In rotation: 2/2/21

Cincinnati, OH | Old school is new again: …I have more physical magazine subscriptions now than I have in decades. Holding actual books makes me smile. Cooking has helped keep me sane. (Make this fantastic, super-simple bread recipe ASAP.) You might remember my adventures in coffee. And then there’s music. But I was still surprised at just how satisfying it’s been to intensely listen to songs these days. See, a few months ago my wife told me that she was having an old (like from the 1950s) stereo cabinet rebuilt with new speakers and a new turntable. I thought it was a dumb idea. (We have Spotify.. We have expensive headphones! Why do we need a piece of giant furniture to listen to Echo & The Bunnymen? The … thing … arrived a week ago. It took us about 10 minutes to lug it into the house. And … wow. We’re playing vinyl! Albums! LPs! Coltrane, Wilco, Beach Boys, Paul Simon! We’re pulling albums from their sleeves. We’re setting needles just so. We’re reading liner notes. We’re flipping and flipping. It’s been an incredible experience.

Sydney, AU | Eight of the best record shops in Sydney you need to know about: A guide to digging your way through the city. Whether you’re a seasoned vinyl enthusiast or you’ve just caught a case of LP fever, Australia’s certainly in no shortage of destinations to satisfy your cravings. Today, we’re checking out some of the best places to buy new and second-hand vinyl around Sydney, spotlighting all the best stores in the city and inner-west to get you started on your crate-digging adventures. Happy browsing! Red Eye Records Since opening in 1981, Red Eye Records has hooked up countless generations of music enthusiasts with the best in new local releases, second-hand oddities, quirky Australian music memorabilia from years gone by and everything else in between. Revered for their legendary customer service and tendency to bend over backwards to source in rare records, Red Eye is both the largest and longest-lasting independent record store in the country today, and their legendary status within the Australian music scene speaks volumes. Put this one right at the top of your hit list – if it’s good enough for Elton John, then it’s good enough for everybody.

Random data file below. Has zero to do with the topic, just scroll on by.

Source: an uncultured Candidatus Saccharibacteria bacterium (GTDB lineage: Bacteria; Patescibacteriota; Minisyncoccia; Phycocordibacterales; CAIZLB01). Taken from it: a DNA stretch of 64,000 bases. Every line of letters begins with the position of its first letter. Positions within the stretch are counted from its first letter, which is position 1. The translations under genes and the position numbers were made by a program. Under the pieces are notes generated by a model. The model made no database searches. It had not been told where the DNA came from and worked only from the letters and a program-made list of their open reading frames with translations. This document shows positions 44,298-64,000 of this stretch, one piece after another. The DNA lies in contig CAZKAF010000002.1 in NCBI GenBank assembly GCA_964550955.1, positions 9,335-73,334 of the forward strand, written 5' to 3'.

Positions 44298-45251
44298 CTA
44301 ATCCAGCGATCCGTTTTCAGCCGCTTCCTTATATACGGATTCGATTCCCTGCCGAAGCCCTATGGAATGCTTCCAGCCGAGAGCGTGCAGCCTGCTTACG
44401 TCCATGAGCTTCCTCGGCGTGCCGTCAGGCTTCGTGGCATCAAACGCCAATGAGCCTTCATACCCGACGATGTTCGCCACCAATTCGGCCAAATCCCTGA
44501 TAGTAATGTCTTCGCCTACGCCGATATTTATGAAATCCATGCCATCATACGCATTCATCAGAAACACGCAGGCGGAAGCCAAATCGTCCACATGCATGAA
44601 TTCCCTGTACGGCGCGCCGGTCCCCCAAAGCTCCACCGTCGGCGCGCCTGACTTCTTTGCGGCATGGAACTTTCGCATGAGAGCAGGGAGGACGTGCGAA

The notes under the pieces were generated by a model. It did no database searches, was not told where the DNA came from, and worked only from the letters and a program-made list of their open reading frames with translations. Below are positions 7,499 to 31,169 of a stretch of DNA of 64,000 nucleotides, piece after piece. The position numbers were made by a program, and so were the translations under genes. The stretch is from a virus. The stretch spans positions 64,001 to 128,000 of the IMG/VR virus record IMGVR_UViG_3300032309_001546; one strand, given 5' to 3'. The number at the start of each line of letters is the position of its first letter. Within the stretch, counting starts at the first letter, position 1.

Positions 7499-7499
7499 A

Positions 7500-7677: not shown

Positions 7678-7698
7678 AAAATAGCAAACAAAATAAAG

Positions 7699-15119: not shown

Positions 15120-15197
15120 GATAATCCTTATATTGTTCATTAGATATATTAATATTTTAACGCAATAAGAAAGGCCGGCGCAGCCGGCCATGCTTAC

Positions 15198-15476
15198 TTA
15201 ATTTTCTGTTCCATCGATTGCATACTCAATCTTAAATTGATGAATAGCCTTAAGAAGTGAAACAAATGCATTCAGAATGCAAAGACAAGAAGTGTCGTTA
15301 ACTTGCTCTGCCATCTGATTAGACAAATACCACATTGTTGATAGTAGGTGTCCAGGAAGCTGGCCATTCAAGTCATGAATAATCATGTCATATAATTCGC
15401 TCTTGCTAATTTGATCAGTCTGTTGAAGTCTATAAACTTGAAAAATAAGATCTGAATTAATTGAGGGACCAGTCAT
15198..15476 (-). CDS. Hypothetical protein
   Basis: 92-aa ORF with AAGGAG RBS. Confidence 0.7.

UK | Tim Burgess: Even before Covid, music was broken. Let’s use this moment to hit reset. The present streaming model makes artists acutely vulnerable to shocks like the pandemic. Something’s got to change. …The basic point is that the UK music industry contributed an estimated £5.8bn to the economy in 2019, but artists are maybe not seeing as much of that as they should. Almost 5m vinyl albums were sold in 2020, the most since way back when we released our debut LP in the early 90s. There’s hope and excitement in the gloom, but there’s also an elephant in the gloom. That elephant’s name is streaming. To understand the issues better, it might help if we imagined trying to explain the way it works to someone back in 1995. “OK, so for a penny under a tenner a month, you’ll have access to pretty much every record ever made, to listen to whenever you want. It’s like you own the music but you kind of don’t.” I’m guessing our person in 1995 would be mightily impressed. There is much made of the sums paid to artists as a result of all this – yes, they get a cut, and millions of people stream every day, right? – right, but these sums usually go to 26 decimal places, and the first four digits are often 0.000.